Education

Chicago Teachers Union Sets October 11 Strike Date

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Ted Goodman Reporter

The Chicago Teachers Union (CTU) put the Chicago Public Schools (CPS) on notice that if a deal isn’t reached, it will strike Oct. 11.

“Should there be no agreement between the Union and the Board of Education by October 11, we will begin our third strike since 2012,” the union wrote on its Facebook page. The CTU is protesting proposed pay cuts, staffing cuts and cuts to some services.

CTU President Karen Lewis and Vice President Jesse Sharkey specifically highlighted proposed cuts to special education programs and librarians in a strategic effort to win over public support at a press conference Wednesday,

The union said that since 2013, CPS has seen an 18 percent drop in the number of social workers and a 20 percent drop in the number of school nurses. CPS laid off close to 500 teachers and more than 1,000 support staff in 2015.

“Our clinicians provide a vital service to our students, and to cut them at a time when the city is under siege by gun violence, violent crime, poverty and cuts to social service programs is poor judgment,” Sharkey said.

The CTU authorized its members to go on strike Monday if the two sides were unable to reach an agreement, with 95 percent of participating members supporting the move. (RELATED: Chicago Teachers Union Authorizes Strike)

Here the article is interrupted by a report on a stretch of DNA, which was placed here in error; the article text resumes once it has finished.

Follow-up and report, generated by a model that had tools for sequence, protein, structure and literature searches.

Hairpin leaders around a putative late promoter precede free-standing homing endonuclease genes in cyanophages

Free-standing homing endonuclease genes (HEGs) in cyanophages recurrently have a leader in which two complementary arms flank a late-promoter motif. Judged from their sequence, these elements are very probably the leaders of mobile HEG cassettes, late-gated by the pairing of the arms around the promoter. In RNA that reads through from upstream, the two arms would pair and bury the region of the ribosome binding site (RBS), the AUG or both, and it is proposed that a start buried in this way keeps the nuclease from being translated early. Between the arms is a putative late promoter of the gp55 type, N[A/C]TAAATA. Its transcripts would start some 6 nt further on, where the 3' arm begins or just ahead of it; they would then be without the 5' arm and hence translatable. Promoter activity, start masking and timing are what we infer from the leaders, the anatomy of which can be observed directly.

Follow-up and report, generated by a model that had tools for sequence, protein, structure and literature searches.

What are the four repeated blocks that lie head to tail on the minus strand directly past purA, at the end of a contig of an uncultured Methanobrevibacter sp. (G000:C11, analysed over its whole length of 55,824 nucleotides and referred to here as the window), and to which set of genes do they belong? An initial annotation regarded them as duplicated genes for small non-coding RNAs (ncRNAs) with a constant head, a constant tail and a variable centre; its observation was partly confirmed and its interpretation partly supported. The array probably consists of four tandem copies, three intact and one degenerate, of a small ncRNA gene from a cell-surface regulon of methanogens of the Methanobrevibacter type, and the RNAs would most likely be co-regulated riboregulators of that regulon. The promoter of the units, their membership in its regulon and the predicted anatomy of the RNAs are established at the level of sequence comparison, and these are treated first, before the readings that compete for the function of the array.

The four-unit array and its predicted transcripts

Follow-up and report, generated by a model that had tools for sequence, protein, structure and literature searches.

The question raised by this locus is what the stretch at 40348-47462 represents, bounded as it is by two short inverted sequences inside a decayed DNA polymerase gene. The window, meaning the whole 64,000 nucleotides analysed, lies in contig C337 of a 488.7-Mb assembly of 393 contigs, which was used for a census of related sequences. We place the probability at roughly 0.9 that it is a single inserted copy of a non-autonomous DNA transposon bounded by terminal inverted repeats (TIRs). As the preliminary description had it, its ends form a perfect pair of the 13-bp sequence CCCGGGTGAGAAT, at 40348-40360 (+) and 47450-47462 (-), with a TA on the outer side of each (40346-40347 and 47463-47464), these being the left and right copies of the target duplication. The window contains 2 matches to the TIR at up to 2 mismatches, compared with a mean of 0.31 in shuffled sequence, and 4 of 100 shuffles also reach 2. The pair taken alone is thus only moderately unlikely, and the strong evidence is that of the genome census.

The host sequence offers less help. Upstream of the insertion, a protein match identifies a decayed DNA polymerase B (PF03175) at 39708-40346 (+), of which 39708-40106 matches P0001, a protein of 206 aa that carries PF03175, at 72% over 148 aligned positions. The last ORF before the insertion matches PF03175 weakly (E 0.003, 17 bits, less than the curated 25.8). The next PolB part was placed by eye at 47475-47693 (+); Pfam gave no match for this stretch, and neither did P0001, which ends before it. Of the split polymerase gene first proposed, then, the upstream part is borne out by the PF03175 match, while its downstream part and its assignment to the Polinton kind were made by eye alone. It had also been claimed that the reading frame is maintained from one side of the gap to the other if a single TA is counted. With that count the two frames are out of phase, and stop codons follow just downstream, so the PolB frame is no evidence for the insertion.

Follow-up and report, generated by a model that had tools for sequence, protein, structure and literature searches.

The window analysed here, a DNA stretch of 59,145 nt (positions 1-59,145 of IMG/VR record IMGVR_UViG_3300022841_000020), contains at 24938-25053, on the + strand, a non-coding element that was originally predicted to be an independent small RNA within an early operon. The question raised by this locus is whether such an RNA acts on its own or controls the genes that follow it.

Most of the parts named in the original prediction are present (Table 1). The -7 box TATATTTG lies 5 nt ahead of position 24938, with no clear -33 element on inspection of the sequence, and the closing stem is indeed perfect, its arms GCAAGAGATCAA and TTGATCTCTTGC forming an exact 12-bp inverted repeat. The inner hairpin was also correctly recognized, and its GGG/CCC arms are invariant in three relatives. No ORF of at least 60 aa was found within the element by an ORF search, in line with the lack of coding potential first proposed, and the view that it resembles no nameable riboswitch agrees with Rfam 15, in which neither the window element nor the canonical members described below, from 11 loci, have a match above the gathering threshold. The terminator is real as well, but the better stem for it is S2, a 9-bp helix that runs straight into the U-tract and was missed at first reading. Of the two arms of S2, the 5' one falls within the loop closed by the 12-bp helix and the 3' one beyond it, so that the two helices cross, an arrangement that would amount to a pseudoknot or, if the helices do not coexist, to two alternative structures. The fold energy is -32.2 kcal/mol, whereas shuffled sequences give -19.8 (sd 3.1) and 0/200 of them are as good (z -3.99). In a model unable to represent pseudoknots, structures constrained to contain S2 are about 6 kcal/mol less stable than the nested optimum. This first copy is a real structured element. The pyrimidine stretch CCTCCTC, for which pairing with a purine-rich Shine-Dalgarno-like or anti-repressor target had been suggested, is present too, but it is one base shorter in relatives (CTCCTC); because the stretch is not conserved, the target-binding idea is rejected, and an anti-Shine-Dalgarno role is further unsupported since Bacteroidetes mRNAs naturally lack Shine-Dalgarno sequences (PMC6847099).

Union leaders indicated over the summer that a strike was possible as soon as October. The official bulletin of the union stated in August that CTU members were so angry that they were, “ready to strike now, even before school is set to open.” While the union did not walk out on students, they have now set a date. (RELATED: Chicago Teachers On The Brink Of Leving 400,000 Students At Home)

Nearly 400,000 students are taught by close to 22,000 teachers at Chicago’s 660 Public Schools. The teachers have not had a working contract since June 30, 2015, when the contract that was negotiated after the 2012 strike expired. The teachers are vehemently opposed to a proposal from the district that would require them to pay an additional 7 percent of their salary into pensions. The union has also demanded caps on class sizes and a moratorium on charter expansions.

The district and the union made numerous attempts to hash out an agreement over the past year, to no avail. The union unanimously rejected what the school called a “serious offer” in February, asserting that the teachers did not believe the district would honor its promises to “stabilize” finances. Lewis, at the time, cited a “lack of trust in CPS” and the district’s “weasel language” during contract talks. The harsh language from both sides reveals wide-ranging differences on healthcare, pensions and charter schools.

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